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Old 29-08-2008, 08:45   #1
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Day 3 - Maine Passage

Day 3 - Maine Passage

Good evening from the Gulf Stream, 35*21'N 74*25'W, just past
Cape Hatteras, the bugbear of all East Coast Sailors...

The evening got off to an inauspicious start as the sink
overflowed due to a forgotten open salt water tap during our
showers on the platform aft. Ah, well - the floor and drawers
under the counter are now freshly cleaned...

Also, as you no doubt noticed, propagation is really lousy, and
as a result, despite over twelve hours of trying, we failed to
succeed in sending yesterday's log until the wee hours of today,
and at that I had to break it up into tiny pieces to be able to
stay connected long enough for any one section to complete.

Our wing-and-wing rig performed marvelously, taking us dead
downwind the entire day. However, by about midnight, we'd eased
our way back into the Gulf Stream for real, and we were seeing
speeds pushing 11 knots in apparent winds of 8-10. Earlier, it
had been very rolly and that slowed us down, a bit, I think, as
our speed went up notably when the rolling eased a bit. For all
the 6-8' seas, however, it's been a relatively smooth ride, as
the waves are not too close together, and we're mostly going the
same direction as they are.

The skies were overcast, but in the entire day we saw exactly
three other boats, all very far off, and none of them at night.
The radar, on at 24 miles full time, had no targets. Even the
slight lightning display off to the west was well out of range,
and the night was uneventful. That is, if you discount the
marvelous phosphorescence display as we sliced through the night

Lydia relieved me about 2AM and I gratefully climbed into our
airy bunk. It's airy because of the windscoop and the breeze
directly aft of the boat. I'm sore from all the unaccustomed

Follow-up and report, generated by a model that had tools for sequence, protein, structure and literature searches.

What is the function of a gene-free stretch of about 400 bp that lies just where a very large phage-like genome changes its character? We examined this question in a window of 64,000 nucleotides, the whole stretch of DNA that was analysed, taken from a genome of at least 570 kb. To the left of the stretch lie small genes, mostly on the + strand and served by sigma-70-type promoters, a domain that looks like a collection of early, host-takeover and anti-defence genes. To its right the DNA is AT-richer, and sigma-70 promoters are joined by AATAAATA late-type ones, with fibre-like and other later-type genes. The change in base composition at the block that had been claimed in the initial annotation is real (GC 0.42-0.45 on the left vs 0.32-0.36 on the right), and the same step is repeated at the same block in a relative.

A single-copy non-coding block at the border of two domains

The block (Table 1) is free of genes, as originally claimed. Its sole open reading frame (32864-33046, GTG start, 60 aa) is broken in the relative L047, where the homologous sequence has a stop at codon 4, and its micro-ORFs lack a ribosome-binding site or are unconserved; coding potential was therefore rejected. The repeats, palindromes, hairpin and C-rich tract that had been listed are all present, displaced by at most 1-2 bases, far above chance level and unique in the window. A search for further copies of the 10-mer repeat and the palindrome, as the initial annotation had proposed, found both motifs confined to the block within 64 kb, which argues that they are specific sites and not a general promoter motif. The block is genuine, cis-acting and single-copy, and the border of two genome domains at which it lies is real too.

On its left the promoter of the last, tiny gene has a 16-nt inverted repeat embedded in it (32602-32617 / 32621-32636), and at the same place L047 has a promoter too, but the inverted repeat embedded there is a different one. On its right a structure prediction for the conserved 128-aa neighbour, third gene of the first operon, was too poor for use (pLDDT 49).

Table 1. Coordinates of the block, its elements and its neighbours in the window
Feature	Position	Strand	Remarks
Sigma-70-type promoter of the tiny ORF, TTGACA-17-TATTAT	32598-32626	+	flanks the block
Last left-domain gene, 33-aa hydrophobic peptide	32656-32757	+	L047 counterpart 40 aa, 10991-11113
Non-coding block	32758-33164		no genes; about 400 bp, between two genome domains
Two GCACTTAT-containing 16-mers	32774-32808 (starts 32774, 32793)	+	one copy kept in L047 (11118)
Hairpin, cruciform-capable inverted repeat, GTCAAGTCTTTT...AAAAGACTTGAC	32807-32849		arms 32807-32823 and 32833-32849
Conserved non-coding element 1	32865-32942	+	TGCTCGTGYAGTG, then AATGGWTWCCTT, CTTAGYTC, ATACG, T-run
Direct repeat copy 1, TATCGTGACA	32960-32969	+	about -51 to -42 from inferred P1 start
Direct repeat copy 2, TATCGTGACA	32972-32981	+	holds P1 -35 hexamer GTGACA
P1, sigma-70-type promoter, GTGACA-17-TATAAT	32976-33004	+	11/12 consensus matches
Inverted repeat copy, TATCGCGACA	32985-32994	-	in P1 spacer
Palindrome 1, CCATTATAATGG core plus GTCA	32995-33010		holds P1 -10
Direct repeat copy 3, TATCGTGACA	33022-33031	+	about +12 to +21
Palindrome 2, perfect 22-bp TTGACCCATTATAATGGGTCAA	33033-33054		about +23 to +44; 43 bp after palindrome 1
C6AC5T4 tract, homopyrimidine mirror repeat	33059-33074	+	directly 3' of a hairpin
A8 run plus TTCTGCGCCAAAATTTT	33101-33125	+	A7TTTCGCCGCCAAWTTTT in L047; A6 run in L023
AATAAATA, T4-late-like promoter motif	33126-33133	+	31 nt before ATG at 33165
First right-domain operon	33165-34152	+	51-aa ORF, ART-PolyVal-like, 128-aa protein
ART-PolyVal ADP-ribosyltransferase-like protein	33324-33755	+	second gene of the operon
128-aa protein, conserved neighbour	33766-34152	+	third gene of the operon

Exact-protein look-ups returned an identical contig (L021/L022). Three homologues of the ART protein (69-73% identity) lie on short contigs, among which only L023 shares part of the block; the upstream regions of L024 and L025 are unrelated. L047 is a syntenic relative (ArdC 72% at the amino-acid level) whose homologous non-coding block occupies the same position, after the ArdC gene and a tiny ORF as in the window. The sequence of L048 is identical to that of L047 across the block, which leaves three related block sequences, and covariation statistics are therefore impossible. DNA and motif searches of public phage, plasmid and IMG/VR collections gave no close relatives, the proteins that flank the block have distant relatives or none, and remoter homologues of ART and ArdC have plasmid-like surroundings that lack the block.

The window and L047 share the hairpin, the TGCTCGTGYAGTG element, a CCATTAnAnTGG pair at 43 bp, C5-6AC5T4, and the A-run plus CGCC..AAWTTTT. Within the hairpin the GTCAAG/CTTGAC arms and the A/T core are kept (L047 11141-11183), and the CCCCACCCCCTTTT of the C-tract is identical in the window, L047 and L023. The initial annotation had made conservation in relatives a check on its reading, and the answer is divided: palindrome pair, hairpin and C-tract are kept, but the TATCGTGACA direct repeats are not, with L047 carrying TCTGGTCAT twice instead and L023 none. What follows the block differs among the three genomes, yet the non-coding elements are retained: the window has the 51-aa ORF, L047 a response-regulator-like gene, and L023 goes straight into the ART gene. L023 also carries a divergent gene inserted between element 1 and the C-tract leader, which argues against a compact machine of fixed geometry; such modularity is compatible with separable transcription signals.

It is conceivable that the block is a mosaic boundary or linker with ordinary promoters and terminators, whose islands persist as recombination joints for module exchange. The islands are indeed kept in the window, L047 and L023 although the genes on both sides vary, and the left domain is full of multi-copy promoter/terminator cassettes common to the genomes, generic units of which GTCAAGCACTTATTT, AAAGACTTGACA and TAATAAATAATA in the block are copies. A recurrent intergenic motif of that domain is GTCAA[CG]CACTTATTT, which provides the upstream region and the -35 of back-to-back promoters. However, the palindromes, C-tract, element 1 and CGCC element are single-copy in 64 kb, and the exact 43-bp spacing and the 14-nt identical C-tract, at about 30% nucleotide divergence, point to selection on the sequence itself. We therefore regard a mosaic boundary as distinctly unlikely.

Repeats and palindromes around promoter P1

exercise I'm getting aboard, and I needed the massager we got
when we were ashore to work out the kinks in my left shoulder.

By the time I took over at 6:30, we'd had another minor equipment
failure - the bail (the wire thing connecting the pole to the
lift) on the spinnaker pole broke, leaving the pole without a
lift to stabilize it against the fore and aft guys. Fortunately,
the lift line didn't go up the mast, so when Lydia gets back up,
I'll make the appropriate adjustments to allow us to continue.

Well, Lydia's been exhausted, so I did it myself - the pole's
stowed, and we turned on to a beam reach in order to return to
the Gulf Stream. Our course has been taking us steadily, but
very slowly, east of the presumed axis of the Gulf Stream.
However, our speed remains very good, so we're not going to alter
course unless recommended by Chris Parker, our forecaster and
router. So far everything he's forecast has been exactly on,
unlike NOAA which usually manages to be off by 50% or more :{/)

That course took us very much more north, and into some
impressive seas and winds. By 10 AM we were in 15-20 knot winds,
and 8-10' seas. We were making only 6.5 knots, apparently
against one of the eddy currents shown in the links I gave as we
left, and only 34 degrees north. However, I added the staysail
at 2PM and that allowed us to turn a little more into the wind,
carrying us back into favorable currents, quickly upping our
speed to 8 knots.

By 4, we were on the edges, and we could afford to turn downwind
a bit, so we went on a broad reach while we had dinner. That
helped minimize the rock and roll, but then we got serious :{))

By the time we were finished with dinner, we'd re-entered the
Gulf Stream. I got creative and fixed the spinnaker pole, and
wing-and-wing, it is again. We're headed 56 degrees, at speeds
varying from the high nines to pushing 11 knots, again. So far
it's tough to fault this voyage...



Morgan 461 #2
SV Flying Pig KI4MPC
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"There is no such thing as a problem without a gift for you in
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Old 29-08-2008, 09:04   #2
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Sometimes sailing is so grand. It just tempts you to keep going. BEST WISHES in your good weather continuing!
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